The reasons why the Neanderthals died off remain a mystery. One of the major theories says that they were the victims of major climate changes, but new evidence suggests that this is an unlikely scenario.
In an age where climate change driven by our own hand is poised to cause catastrophic changes to human life, it seems fitting to work out if shifting climates also doomed our evolutionary cousins, the Neanderthals.
The question of why the Neanderthals died out has been the source of fierce debate since the first bones were discovered in the early 19th century. Some scientists turned the finger of blame inwards, suggesting that early humans killed them off, either directly, through violence and the spread of new diseases, or indirectly by gradually out-competing them.
Others have accused changing climates. According to them, Neanderthals were adapted to cold environments and, being less flexible than humans, they were unable to cope with a warming post-Ice Age world.
Now, Chronis Tzedakis from the University of Leeds has found compelling evidence that the Neanderthals extinction was unlikely to have coincided with the extreme shifts in climate at the end of the last Ice Age.
While their findings don’t rule out the climate change model completely, they strongly suggest that it wasn’t a major factor in the Neanderthals’ downfall.
Looking into the past
This climate theory has been difficult to test until now. It has proven difficult to pin down exactly when the Neanderthals disappeared or what the most likely climate was then.
Archaeologists have attempted to put a date on their extinction with carbon-dating. This technique measures levels of a radioactive form of carbon that is found in all living things and starts to decay when they die.
Carbon-dating is invaluable but it has its problems. It gives figures in ‘radiocarbon years’ that need to be converted into actual calendar years. This calibration becomes less accurate beyond 21,000 years into the past and the Neanderthals died out well before that.
And even if the conversion was done perfectly, it would be very difficult to align these dates with specific prehistoric climates – back that far, the climate record is sketchy and imprecise.
To solve this problem, Tzedakis looked to Cariaco Basin, a remarkable site off the north coast of Venezuela. Cariaco acts as a window into changes in the Earth’s climate over the last half a million years.
It lies in a part of the ocean very sensitive to climate changes, and the large amounts of sediment deposited there tell a detailed story of climatic shifts over time. Among the sediment are the remains of plankton, and by carbon-dating these, scientists can match measurements of radioactive carbon to patterns of climate at the time.
To Tzedakis, Cariaco was a Rosetta Stone, allowing him to compare the carbon-dating estimates of the Neanderthals’ demise to the likely climate at the time.
A tale of three dates
He applied this method to data from Gorham’s cave, a site in Gibraltar that may have been one of the Neanderthals’ last strongholds. It’s a rich source of arrows, spear-heads and other tools and surrounding these are the charcoal remnants of long-extinguished Neanderthal fires.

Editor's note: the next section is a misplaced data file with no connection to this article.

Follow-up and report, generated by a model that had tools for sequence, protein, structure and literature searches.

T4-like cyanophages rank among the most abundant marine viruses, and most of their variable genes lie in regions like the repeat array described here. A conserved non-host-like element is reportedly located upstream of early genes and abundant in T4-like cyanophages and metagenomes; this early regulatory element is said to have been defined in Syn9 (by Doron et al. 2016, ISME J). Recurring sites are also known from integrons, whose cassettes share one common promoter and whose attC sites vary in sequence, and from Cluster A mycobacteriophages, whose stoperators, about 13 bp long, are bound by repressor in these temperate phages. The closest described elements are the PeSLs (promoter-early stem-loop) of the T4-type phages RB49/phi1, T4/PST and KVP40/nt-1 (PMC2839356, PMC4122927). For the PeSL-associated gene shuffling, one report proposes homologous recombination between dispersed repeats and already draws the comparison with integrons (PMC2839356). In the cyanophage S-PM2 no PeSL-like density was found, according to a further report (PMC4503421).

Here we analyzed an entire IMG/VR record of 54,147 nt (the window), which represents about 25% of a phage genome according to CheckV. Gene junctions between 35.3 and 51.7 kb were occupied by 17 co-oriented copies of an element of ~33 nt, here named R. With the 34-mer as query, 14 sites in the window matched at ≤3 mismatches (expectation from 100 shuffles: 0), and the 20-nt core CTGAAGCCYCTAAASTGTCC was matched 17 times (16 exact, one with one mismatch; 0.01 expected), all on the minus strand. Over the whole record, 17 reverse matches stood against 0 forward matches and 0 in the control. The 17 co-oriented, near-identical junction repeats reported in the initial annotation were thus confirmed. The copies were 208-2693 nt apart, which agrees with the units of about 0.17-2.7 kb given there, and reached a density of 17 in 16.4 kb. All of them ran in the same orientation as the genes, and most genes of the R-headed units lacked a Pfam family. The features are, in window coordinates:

By carbon-dating the charcoal, scientists originally estimated that Neanderthals lived in the cave till about 30,000-32,000 radiocarbon years ago. Those dates are generally accepted by the scientific community, but newer finds deep within the cave have thrown up more recent and more contentious estimates. These new figures claim that Neanderthals still lived in Gorham’s until about 28,000 radiocarbon years ago, and possibly even as late as 24,000 radiocarbon years ago.
Tzedakis took these three sets of dates, and used the Cariaco data to work out what the world was like at the time. During the time covered by the more conventional estimates (28,000-32,000 radiocarbon years back), the world was going through some mild climatic turbulence, but nothing more than the Neanderthals were used to.
Certainly, Tzedakis found no evidence of the extreme climate shifts that should have preceded the Neanderthals’ extinction, if the climate change model is to be believed. It’s only the youngest of the three dates – 24,000 radiocarbon years ago – that provides a respite for this theory, for that did coincide with a major climate change.
At this time, the ice sheets of the Arctic were expanding and northern Europe was getting colder. But according to Tzedakis’s team, the weather In Gibraltar was fairly stable, with warm water from the tropics counteracting the cooling of the northern continent – the Neanderthals were unlikely to have been affected.
However, the colder northern temperatures may have driven humans into southern Europe, putting them at direct odds with the Neanderthals. In this way, changing climates could have driven them to extinction indirectly, more of a manipulative nudge than a killing blow.
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Reference: Tzedakis, Hughen, Cacho & Harvati. 2007. Placing late Neanderthals in a climatic context. Nature doi.10.1038/nature06117